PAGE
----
Principal Youth Court Judge John Walker wants more support for youth offenders when they finish a sentence.
Latest figures show 90 percent of the most serious young offenders will be back before the courts within two years.
These offenders received the toughest penalties imposed by the Youth Court, with some being placed in a youth justice facility for up to six months.
Judge Walker said the young people who received these sentences were almost always dealing with deep trauma.
"The people that we are dealing with here come from a background of exposure to family violence, exposure to trauma, sexual abuse," said Judge Walker.
"They often have neuro-disabilities ... foetal alcohol spectrum disorder, autism, a very high percentage have an acquired brain injury."
Judge Walker said it wasn't fair to expect a young person with 14 or more years of trauma to turn their life around after just six months.
The youth justice system, he said, needed to provide much more ongoing support over a period of years, given they were so high risk.
For a start, Judge Walker said he wanted to see the families of young offenders offered support to clean up their act.
This could be through drug and alcohol and family violence programmes, and parents could also be supported to get a job and find a better place to live.
"They would receive long-term intervention and support. The whole family would, because otherwise reoffending behaviour is inevitable."
A Justice advocate, Julia Whaipooti, said rehabilitation programmes for young offenders did not prepare them for the outside influences they would return to on release.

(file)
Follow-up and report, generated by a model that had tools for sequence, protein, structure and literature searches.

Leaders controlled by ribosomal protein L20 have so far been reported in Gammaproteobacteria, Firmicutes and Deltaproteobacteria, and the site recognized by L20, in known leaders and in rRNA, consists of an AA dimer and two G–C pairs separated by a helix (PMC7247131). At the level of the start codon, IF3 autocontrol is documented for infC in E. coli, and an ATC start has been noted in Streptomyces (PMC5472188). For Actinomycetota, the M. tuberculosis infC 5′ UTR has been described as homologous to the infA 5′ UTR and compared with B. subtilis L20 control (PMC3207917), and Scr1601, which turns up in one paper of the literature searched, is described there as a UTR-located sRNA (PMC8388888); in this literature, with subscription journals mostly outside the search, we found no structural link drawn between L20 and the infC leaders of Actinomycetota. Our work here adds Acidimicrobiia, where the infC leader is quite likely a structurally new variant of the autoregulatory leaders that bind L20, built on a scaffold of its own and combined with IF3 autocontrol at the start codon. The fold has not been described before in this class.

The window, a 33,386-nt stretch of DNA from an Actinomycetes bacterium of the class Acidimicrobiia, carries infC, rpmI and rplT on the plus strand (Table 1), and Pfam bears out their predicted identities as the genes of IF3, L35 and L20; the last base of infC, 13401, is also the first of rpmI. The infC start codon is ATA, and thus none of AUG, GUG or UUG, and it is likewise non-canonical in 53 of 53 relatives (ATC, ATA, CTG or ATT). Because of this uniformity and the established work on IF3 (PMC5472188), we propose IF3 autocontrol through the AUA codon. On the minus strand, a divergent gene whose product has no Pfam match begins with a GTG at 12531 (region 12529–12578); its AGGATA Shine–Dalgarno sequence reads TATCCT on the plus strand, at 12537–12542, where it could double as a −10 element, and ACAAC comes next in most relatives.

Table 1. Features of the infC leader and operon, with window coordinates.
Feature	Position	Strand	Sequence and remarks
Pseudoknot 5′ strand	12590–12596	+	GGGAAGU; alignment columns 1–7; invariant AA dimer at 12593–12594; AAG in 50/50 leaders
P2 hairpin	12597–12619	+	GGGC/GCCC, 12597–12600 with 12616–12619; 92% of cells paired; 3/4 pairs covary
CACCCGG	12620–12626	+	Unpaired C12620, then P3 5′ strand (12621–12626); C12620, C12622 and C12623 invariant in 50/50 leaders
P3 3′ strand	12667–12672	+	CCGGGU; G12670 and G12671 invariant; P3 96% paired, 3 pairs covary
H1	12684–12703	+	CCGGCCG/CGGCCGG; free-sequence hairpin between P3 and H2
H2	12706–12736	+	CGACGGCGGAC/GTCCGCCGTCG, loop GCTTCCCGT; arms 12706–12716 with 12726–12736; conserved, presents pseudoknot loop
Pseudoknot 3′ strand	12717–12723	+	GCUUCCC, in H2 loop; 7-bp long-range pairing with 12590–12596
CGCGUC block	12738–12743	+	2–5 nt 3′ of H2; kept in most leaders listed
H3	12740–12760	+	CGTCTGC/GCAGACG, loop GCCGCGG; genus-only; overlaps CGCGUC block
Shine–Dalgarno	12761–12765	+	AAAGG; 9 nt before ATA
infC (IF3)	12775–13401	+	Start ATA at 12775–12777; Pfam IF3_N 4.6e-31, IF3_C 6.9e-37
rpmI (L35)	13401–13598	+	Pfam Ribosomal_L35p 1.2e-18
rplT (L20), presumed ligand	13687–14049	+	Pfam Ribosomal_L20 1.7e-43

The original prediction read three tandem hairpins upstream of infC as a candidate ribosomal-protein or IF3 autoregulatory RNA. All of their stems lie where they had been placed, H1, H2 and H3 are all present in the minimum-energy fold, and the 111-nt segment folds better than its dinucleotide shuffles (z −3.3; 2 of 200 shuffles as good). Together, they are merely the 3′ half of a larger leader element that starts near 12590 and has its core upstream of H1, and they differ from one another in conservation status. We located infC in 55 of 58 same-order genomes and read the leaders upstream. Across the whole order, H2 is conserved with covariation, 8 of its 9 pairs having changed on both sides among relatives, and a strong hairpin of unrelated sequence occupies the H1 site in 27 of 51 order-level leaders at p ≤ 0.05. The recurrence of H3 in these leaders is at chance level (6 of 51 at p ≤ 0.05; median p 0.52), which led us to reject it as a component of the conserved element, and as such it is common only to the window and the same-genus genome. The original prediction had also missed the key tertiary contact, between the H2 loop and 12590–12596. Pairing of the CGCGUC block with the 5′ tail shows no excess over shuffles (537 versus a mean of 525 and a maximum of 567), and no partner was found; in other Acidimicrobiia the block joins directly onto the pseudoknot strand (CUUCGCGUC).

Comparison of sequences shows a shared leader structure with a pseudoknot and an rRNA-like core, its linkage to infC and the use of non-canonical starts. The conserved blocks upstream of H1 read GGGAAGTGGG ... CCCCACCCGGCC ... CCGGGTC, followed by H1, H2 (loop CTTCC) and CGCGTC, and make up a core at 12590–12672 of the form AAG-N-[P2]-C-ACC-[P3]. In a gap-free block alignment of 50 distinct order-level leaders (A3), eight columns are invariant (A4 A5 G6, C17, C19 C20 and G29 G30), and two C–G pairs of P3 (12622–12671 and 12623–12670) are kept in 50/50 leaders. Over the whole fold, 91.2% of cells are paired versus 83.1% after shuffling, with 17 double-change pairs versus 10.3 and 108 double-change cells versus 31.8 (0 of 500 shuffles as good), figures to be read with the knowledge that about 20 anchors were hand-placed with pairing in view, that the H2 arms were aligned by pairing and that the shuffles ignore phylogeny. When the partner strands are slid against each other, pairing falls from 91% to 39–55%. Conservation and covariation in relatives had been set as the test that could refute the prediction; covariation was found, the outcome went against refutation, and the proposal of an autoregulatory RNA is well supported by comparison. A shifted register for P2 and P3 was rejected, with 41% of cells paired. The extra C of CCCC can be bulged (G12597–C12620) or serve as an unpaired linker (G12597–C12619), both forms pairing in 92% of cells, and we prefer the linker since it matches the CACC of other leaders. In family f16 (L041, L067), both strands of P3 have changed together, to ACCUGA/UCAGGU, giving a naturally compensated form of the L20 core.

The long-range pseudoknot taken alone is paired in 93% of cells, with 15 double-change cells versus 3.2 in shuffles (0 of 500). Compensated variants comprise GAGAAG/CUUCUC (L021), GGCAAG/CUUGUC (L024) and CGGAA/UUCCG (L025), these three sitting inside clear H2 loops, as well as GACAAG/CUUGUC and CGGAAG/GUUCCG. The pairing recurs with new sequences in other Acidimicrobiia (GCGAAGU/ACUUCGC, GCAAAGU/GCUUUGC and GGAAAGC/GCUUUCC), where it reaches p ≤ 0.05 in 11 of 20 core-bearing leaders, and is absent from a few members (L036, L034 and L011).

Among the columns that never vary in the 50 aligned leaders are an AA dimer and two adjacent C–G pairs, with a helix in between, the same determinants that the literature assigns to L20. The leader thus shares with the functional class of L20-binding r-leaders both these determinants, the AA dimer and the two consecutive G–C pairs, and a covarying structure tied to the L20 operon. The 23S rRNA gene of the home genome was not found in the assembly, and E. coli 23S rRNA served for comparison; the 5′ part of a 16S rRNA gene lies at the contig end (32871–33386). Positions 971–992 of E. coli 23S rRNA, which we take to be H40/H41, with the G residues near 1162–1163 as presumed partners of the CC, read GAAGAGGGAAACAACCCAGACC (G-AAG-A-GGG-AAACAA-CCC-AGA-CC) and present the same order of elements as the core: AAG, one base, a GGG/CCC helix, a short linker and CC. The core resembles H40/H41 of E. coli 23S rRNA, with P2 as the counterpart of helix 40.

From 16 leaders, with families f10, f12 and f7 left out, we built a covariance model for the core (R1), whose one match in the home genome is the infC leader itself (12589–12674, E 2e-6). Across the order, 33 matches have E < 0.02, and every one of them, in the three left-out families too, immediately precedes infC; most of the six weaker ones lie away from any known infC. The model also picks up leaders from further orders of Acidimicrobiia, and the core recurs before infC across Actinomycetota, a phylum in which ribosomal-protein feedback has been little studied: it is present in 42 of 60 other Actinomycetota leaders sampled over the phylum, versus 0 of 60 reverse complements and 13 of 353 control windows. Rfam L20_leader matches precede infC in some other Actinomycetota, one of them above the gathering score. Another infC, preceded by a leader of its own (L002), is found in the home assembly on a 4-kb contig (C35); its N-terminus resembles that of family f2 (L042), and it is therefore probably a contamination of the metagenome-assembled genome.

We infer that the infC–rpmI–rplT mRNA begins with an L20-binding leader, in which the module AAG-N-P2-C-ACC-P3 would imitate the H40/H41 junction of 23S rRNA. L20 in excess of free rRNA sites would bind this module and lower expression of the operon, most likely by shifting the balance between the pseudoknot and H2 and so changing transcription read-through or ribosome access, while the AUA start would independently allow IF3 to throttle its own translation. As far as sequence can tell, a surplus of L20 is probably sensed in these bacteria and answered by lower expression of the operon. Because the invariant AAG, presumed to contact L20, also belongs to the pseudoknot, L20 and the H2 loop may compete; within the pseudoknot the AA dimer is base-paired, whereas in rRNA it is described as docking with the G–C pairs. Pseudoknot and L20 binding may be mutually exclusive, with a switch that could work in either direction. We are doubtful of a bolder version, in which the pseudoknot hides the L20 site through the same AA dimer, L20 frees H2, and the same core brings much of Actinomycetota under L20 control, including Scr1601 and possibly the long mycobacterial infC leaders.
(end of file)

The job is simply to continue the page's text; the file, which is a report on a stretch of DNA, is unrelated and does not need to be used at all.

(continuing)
She said to stop them re-offending and ending up in prison wrap-around services needed to be in place in their community.
Phil Dinham from Oranga Tamariki agreed that keeping young offenders out of trouble after their sentence was a challenge.
He said the ministry put a lot of intensive work into each young person, but this slowed when they returned home.
Oranga Tamariki could do more to engage community support from hapū, iwi and organisations, said Mr Dinham.
He was heartened by the news that re-offending was usually for lesser offences and violent offending dropped considerably.
Mr Dinham said Oranga Tamariki had begun working with iwi to create new restorative justice options for offenders and victims.
The ministry was also designing functional family therapy services with a kaupapa Māori approach.
"It's about good parenting skills, and working with the family to ask them what do they want their family to look like," Mr Dinham said.
"How can they hold each other to account for good behaviour and make good progress as a family?"